How do you know the right time to exit when price action goes your way? While no forecasting method guarantees that you buy at the absolute low and sell at the absolute high, Elliott wave analysis -- and, specifically, Fibonacci relationships between waves -- can help you identify high-probability price targets.
Roses are red. Violets are blue. The fundamental stage was set for the euro to rise... but instead it went boo hoo. The reason why might surprise you.
As 2017 began, all fundamental signs pointed DOWN for China’s ever-depreciating yuan. Three weeks into the year, and the yuan is on a very different course; namely, up! Look no further for an explanation.
Whether you look at other markets, politics or something else to explain a market move, you’re explaining a move that’s already happened. And for a trader, the real question is, "What will the market do tomorrow?" Let's look at how Elliott wave analysis handles it.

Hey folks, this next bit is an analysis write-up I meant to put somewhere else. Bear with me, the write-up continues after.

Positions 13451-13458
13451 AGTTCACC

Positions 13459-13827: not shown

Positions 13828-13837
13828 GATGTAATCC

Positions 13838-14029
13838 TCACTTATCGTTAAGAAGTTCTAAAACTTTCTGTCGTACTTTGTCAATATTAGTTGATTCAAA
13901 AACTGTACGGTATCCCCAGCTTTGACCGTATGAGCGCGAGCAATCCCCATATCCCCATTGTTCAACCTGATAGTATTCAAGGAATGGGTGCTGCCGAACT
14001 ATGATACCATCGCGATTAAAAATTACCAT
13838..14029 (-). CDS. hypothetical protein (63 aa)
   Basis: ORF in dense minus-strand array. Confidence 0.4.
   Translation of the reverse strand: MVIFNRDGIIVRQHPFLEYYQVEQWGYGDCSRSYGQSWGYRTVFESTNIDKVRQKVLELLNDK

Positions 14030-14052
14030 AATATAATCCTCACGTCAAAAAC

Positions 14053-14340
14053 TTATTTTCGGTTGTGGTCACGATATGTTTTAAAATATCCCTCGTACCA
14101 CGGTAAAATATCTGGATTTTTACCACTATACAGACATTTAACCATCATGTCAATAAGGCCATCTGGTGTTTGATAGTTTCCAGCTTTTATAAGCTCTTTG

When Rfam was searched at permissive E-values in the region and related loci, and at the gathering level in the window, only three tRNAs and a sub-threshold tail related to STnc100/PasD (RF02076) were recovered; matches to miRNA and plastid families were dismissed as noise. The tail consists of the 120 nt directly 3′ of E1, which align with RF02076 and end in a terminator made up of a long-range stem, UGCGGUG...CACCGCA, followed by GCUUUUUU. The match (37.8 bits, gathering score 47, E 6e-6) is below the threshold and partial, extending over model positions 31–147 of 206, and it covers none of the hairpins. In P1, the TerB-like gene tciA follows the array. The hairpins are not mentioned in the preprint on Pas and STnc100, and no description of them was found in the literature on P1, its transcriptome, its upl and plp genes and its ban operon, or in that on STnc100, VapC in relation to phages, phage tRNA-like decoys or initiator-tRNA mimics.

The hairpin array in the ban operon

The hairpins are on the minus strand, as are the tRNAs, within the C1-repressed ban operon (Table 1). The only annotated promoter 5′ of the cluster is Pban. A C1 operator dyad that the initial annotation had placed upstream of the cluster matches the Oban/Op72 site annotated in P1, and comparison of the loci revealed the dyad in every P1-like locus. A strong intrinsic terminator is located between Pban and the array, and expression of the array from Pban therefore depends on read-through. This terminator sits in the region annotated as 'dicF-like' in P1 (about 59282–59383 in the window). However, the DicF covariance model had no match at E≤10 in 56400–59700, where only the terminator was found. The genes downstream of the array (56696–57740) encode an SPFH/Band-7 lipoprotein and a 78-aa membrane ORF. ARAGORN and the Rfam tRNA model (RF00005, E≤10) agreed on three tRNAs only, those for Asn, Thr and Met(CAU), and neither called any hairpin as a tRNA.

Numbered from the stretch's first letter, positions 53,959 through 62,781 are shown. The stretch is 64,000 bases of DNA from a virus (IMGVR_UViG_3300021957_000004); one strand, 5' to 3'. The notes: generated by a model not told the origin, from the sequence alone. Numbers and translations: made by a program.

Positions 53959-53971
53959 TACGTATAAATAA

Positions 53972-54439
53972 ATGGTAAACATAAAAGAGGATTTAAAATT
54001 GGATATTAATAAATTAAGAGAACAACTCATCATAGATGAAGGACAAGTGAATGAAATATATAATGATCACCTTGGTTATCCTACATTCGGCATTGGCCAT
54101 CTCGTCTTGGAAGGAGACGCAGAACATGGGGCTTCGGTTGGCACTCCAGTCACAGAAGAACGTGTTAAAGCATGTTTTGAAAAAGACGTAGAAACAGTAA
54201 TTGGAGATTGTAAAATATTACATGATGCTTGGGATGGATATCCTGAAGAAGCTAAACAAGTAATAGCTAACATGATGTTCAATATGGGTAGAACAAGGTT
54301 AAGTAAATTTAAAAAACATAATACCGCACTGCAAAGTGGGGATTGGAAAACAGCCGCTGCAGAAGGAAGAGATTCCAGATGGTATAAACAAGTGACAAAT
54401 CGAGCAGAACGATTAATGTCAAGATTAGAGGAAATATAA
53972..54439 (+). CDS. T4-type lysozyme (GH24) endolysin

Chris Carolan, who edits our Asian-Pacific Short Term Update, explains how the Elliott Wave Principle helped him anticipate the recent move in the Chinese yuan.
Two days before the New Year’s Eve, I got an insistent email from a colleague. Jim Martens, our Senior Currency Strategist, sent me a message with only a subject line: “Sell those euros. Sell'em.”
2016 was the year of political surprises. First was the shocking Brexit vote in June. Then, the surprise Donald Trump victory in November. Both moments saw a lot of volatility in the financial markets. Yet, while it’s tempting to say “of course” and blame volatility on the news, the reality is not so black-and-white. Case in point: the British pound.
Elliott wave analysis has only three rules. Beyond those, there are many guidelines for wave formation. But a guideline is just that -- a guideline, while a rule is... well, something you cannot violate. Or can you?